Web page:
White Sands National Monument is the most-visited national park or monument in the state. It has a rare combination of science and beauty that keeps people listening to the tour guides, and staying for the sunsets.
So it was in October when MaryAnn and I went down for the last full moon concert of the season, a performance by Randy Granger of original Native American flute music. While waiting for the concert to begin, we went on an hour-long walk through some of the dune features… what is called the Sunset Stroll. The stories about the dunes had been amazing, but the beauty of the sunset was breathtaking. And then the woodsy flute melodies just carried us away as the full moon rose in the eastern sky. It was, in a word, enchanting.
The white sands are made of gypsum crystals, not the more common silica fragments. Gypsum is actually colorless, taking its color when light strikes the scratches in the surface of the gypsum. The word “sand” refers only to the size of the particles, not the composition of the material. Thus, sand can be made from rocks or even organic matter like coral. One of the properties of sand made of gypsum is that it remains cool to the touch even on a hot, sunny day.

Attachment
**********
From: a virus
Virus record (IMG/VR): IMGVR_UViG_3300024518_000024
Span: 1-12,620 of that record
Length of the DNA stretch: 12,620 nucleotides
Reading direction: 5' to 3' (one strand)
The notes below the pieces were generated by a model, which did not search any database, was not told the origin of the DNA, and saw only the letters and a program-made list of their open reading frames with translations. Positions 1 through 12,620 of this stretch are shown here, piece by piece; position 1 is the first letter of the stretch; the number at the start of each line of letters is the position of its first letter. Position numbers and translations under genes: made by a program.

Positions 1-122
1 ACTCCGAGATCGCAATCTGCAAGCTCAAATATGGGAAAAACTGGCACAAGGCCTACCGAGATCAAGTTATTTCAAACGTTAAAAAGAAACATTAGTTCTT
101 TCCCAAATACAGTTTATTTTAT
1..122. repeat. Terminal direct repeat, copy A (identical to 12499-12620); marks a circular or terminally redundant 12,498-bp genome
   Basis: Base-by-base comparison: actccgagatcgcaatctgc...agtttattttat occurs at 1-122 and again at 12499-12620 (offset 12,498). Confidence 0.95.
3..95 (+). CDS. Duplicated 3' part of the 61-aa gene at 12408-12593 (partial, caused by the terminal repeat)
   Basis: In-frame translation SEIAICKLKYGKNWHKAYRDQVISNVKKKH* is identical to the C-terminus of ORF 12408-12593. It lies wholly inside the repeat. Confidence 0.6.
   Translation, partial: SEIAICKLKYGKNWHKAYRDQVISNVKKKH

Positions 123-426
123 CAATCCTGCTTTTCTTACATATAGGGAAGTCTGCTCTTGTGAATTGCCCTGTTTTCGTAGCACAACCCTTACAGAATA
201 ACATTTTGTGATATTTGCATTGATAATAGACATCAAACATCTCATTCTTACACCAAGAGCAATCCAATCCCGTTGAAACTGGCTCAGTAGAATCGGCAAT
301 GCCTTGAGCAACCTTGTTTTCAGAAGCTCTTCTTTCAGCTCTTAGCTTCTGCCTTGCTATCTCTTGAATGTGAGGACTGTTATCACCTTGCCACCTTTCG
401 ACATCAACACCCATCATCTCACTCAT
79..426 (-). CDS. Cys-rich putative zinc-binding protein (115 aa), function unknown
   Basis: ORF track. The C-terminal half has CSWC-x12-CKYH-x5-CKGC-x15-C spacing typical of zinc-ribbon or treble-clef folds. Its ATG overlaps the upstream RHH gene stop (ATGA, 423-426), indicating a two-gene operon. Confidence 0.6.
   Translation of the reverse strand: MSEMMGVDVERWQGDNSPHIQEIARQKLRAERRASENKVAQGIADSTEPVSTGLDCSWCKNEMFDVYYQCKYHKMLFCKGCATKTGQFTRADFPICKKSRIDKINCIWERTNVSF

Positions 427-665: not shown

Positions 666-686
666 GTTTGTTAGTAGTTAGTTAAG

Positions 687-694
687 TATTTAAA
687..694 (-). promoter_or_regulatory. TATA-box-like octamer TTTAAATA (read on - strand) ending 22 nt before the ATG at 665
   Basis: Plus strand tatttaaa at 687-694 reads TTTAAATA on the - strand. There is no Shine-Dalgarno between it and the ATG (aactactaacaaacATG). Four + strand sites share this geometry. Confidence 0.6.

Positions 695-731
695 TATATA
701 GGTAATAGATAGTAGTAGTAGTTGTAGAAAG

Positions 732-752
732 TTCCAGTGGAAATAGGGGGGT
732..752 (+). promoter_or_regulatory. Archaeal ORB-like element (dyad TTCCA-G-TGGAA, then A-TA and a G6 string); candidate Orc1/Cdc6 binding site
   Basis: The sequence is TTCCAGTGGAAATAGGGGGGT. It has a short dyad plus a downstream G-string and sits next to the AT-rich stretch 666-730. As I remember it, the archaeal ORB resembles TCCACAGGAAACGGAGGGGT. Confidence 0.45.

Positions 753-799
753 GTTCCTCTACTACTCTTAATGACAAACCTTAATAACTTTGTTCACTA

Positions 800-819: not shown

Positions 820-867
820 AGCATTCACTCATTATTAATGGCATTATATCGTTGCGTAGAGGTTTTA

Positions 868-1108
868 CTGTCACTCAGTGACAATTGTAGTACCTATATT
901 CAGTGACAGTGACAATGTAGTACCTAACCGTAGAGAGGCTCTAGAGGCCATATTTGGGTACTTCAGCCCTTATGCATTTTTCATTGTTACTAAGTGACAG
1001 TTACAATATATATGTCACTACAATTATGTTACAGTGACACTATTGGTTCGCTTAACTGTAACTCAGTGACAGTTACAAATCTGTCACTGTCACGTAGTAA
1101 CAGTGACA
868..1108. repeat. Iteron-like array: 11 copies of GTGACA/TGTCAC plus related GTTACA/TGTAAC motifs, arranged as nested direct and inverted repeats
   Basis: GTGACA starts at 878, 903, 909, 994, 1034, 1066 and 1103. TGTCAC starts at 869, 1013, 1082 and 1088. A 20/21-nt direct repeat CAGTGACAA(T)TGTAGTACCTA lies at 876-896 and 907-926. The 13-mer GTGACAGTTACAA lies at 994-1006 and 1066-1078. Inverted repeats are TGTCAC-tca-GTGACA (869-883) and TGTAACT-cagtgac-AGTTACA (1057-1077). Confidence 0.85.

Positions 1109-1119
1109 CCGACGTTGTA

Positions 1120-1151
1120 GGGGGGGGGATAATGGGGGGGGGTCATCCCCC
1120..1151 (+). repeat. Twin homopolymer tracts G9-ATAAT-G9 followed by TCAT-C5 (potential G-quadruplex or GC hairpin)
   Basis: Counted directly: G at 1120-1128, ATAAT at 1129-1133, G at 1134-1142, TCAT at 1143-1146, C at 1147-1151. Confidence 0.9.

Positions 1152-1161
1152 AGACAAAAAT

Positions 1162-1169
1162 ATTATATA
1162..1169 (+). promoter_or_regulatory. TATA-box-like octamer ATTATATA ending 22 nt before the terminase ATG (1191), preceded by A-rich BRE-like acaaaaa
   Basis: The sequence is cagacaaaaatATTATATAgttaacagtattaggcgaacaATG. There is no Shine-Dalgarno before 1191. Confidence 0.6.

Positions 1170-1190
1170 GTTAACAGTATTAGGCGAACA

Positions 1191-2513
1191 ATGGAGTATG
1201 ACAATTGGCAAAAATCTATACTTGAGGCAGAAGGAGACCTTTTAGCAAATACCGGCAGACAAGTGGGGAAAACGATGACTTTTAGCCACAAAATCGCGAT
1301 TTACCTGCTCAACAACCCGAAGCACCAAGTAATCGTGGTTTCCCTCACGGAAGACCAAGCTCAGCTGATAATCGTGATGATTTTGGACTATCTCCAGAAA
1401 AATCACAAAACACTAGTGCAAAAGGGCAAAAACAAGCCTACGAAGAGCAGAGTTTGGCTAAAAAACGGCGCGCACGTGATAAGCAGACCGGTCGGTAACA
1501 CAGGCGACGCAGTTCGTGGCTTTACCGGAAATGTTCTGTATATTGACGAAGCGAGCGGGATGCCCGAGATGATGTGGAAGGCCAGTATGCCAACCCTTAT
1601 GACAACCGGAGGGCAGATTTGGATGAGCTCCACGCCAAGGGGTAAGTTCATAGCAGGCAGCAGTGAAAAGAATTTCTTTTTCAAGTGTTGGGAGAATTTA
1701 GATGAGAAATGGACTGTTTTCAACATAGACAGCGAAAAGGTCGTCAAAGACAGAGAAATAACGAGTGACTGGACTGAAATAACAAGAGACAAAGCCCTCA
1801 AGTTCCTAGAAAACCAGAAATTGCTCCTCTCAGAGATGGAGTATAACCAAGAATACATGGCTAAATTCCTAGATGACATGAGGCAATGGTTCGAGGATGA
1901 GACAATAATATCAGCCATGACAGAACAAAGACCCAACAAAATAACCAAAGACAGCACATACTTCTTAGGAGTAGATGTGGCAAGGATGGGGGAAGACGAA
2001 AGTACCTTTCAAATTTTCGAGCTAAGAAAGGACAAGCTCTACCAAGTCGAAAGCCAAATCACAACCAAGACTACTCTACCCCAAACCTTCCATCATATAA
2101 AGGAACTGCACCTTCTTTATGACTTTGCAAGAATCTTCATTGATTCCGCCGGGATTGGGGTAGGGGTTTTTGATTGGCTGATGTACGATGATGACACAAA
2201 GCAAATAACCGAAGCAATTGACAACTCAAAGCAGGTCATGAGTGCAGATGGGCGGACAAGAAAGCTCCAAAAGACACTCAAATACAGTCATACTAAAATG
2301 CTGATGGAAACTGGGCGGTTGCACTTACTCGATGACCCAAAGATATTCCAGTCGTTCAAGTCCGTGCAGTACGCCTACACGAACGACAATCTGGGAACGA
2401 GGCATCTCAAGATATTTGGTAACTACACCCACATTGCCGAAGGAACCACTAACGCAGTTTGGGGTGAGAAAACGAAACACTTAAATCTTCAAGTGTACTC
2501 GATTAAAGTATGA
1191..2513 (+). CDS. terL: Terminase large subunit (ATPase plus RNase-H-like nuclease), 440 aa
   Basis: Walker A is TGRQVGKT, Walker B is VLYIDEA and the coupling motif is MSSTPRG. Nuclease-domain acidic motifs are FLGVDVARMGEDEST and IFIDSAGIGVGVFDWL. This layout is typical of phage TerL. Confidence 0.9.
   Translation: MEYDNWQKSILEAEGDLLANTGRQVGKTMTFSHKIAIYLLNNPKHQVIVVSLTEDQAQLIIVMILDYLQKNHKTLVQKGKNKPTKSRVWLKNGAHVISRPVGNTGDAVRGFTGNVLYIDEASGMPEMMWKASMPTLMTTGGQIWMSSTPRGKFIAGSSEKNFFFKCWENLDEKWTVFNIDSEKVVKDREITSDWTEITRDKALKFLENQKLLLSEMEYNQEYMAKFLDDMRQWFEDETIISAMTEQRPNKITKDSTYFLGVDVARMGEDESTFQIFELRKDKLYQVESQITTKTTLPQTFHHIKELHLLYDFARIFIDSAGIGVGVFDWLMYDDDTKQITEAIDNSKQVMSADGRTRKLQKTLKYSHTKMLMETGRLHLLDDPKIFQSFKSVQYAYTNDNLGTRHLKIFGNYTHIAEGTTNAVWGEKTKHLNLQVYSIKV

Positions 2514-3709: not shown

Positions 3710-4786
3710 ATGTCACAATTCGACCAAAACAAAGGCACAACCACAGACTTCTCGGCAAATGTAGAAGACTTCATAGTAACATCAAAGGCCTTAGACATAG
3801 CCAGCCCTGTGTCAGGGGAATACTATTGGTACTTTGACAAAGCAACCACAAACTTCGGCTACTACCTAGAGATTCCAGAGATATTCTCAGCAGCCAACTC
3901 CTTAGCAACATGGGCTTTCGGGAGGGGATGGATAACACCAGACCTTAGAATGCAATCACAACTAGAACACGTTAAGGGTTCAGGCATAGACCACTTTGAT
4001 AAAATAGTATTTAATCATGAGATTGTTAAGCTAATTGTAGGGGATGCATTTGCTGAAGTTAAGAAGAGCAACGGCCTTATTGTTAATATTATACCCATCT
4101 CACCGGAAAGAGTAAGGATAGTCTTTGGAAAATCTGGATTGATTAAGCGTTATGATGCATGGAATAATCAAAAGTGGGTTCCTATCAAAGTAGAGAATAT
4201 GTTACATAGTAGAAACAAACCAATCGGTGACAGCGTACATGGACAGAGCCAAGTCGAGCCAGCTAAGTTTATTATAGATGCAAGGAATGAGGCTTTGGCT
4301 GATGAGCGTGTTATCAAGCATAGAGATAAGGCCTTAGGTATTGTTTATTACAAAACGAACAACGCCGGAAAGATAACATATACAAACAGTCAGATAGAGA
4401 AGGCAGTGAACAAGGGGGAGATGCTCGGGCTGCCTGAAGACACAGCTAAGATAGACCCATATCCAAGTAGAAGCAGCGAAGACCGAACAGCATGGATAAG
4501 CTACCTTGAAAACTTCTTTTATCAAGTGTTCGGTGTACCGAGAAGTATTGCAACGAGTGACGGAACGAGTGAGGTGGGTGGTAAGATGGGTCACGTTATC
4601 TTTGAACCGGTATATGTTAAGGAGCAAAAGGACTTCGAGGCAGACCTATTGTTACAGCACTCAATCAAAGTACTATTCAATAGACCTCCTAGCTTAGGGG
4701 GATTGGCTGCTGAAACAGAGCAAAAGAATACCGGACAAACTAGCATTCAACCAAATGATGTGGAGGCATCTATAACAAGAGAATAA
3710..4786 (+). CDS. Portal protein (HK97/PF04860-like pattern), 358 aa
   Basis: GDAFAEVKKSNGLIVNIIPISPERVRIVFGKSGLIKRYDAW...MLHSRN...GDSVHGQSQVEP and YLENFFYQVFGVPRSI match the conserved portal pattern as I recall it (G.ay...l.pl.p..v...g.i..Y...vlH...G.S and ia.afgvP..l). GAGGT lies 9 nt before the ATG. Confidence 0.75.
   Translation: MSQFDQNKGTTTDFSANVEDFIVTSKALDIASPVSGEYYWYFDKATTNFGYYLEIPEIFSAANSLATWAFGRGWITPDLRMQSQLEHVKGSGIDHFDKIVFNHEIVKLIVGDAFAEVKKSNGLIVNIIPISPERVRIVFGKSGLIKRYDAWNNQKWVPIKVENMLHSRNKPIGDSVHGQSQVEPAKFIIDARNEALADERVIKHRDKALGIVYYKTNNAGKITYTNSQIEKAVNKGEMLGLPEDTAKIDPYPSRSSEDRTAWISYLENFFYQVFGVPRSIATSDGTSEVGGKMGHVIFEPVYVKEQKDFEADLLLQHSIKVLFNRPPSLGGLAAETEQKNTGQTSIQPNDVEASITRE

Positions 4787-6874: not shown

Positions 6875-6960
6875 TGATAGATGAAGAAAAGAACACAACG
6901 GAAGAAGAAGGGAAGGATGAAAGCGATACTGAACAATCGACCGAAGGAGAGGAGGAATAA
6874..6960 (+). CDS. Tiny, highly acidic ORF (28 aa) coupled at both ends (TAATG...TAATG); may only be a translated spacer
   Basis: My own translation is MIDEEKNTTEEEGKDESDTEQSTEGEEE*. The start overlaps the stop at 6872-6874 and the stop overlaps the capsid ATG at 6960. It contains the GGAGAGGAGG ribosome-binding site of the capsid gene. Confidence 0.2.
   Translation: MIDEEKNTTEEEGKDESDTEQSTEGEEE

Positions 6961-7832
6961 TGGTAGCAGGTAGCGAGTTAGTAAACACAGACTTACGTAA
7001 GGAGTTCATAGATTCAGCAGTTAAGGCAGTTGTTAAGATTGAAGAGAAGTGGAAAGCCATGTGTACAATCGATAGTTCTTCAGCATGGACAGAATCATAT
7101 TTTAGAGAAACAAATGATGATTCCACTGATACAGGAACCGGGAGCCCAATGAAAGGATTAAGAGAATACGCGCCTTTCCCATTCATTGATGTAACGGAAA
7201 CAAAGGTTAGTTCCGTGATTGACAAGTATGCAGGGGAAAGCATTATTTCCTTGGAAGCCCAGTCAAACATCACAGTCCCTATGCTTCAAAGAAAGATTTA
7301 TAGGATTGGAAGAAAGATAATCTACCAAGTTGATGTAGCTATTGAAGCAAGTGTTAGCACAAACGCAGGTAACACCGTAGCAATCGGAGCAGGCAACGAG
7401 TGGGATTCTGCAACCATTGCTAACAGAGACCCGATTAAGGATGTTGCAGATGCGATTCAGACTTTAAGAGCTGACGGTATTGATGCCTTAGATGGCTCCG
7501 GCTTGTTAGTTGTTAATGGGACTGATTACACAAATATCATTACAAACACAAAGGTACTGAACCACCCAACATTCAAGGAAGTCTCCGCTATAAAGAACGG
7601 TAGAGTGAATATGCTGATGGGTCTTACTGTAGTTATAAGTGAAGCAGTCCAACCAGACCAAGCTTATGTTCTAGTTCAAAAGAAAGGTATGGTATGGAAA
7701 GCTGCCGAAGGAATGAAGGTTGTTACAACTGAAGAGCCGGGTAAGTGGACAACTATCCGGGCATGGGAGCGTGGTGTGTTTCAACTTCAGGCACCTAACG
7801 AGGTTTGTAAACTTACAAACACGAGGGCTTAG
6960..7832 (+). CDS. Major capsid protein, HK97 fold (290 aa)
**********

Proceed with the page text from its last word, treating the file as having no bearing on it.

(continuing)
White Sands National Monument sits in the Tularosa Basin, surrounded on the east by the Sacramento Mountains and on the west by the San Andreas Mountains. Rain dissolved the gypsum deposits in the two ranges and it washed down into the basin where, as the basin dried out, it recrystallized into tiny pieces of sand… white sand. The dune field is trapped there by the mountains and the wetness just below the surface from eons of runoff with no place to drain. Ranger Kelly Carroll told me that the dunes rest on what is called a perched aquifer, and that the water —salt water — is usually within two feet of the surface.
The moonlight programs resume in May, but winter is still an excellent time to visit White Sands with daytime highs in the 50’s and 60’s. The Sunset Strolls go on all year and a guided one-mile hike to Lucero Lake and its gypsum crystals, called selenite, is available only in the cooler months. The website www.nps.gov/wsnm gives the details.
Jon Knudsen is a freelance writer and retired educator. Email him at firstname.lastname@example.org.